American Heritage® Dictionary of the English Language, Fourth Edition
- n. The rank of expert in a martial art such as judo or karate.
- n. The black sash that symbolizes this rank of proficiency.
- n. A person who has attained this rank.
- n. A region of rich, black soil.
- n. An area having a predominantly Black population.
- n. The highest belt colour in various martial arts.
- n. Someone who has attained a black belt
GNU Webster's 1913
- n. (Martial arts) a comedy that treats of morbid, tragic, gloomy, or grotesque situations as a major element of the plot.
- n. a person who attained the rank of expert in the martial arts (judo or karate)
- n. a black sash worn to show expert standards in the martial arts (judo or karate)
“Complement them with a wide or slim matching black belt atop your tan trench, or by donning a pair of opaque tights in saturated crimson, Dijon, or amethyst to create a vertical visual thrust right down to your tootsies when rocking your black trench.”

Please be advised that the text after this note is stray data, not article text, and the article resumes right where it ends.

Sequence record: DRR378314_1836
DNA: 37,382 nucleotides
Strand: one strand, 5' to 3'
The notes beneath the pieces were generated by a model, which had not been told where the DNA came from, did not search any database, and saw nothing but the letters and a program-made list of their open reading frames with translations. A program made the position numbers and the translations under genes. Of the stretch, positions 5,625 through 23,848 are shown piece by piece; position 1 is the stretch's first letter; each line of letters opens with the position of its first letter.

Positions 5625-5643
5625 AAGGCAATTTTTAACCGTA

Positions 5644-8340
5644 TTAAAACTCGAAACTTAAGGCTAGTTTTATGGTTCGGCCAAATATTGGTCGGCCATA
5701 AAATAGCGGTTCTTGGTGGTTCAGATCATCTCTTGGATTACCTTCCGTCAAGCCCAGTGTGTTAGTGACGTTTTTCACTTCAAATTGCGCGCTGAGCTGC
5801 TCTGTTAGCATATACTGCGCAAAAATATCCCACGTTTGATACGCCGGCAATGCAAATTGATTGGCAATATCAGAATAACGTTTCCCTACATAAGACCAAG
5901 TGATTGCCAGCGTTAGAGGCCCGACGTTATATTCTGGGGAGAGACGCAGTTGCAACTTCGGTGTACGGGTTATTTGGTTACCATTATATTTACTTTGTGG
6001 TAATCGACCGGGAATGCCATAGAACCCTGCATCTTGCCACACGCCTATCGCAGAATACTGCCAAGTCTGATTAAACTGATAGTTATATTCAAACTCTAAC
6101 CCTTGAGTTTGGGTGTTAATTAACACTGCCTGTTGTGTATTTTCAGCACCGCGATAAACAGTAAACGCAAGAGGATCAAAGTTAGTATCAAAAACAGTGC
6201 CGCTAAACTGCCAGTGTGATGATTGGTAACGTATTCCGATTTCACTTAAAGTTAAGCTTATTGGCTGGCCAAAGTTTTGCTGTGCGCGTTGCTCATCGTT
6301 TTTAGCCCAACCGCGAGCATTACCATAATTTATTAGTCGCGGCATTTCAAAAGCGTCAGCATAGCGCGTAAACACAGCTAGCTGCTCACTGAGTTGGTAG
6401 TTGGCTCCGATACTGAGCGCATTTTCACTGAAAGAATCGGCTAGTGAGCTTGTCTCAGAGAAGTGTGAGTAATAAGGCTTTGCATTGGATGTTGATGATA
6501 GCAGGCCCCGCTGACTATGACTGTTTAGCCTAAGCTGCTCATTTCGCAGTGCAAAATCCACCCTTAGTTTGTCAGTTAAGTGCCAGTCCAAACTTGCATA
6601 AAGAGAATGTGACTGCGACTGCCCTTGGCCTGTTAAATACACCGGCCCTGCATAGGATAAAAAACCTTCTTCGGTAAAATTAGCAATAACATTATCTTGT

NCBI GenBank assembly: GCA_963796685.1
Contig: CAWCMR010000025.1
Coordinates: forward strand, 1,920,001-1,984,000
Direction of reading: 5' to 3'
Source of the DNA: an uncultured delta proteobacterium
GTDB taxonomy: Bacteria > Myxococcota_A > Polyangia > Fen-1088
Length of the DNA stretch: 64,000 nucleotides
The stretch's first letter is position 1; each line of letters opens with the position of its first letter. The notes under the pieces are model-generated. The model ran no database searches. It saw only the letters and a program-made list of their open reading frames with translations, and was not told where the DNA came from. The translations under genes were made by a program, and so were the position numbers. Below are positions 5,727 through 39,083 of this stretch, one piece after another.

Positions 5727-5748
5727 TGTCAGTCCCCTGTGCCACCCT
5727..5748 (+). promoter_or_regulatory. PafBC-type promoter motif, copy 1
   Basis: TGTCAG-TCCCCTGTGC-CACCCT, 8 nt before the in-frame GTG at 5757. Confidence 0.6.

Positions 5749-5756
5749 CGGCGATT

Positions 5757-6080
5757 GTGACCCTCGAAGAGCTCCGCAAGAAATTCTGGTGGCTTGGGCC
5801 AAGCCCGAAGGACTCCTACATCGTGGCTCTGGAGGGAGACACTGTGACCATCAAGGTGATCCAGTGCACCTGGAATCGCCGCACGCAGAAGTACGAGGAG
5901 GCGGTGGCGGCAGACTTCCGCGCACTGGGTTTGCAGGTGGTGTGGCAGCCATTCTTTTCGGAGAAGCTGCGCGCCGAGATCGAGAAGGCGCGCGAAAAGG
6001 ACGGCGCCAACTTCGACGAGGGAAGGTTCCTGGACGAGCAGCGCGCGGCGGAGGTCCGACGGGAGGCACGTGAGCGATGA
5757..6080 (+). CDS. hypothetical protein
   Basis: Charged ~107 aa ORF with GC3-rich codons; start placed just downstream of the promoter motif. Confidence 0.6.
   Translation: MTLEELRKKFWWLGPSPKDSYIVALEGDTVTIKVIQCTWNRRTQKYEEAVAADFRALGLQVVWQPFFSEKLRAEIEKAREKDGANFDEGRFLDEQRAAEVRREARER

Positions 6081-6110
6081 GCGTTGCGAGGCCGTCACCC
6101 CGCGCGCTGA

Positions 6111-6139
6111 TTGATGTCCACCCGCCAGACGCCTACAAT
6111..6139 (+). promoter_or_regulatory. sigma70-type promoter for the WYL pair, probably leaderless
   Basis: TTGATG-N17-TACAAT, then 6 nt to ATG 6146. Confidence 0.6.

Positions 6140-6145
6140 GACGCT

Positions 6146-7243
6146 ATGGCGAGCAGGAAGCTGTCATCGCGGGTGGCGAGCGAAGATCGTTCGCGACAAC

“He was a short, bald, seventysomething-year-old in a white T-shirt, dark Bermuda shorts, and a black belt that was superfluous except that it matched his slip-on slippers.”
“Wes had a fifth-degree black belt in karate but no wrestling experience.”
“It's like trying to sell our Pickled Luncheon Tidbits to a fellow in the black belt who doesn't buy anything but plain dry-salt hog in hunks and slabs.”
These user-created lists contain the word ‘black belt’.
Tolkien worked in the black section
of the dictionary at one point in his life
List title totally stolen from she. Right, the stock entry for this list should be a two-word phrase where one of the words denotes a colour; even better if the expression has some metaphoric value...
Looking for tweets for black belt.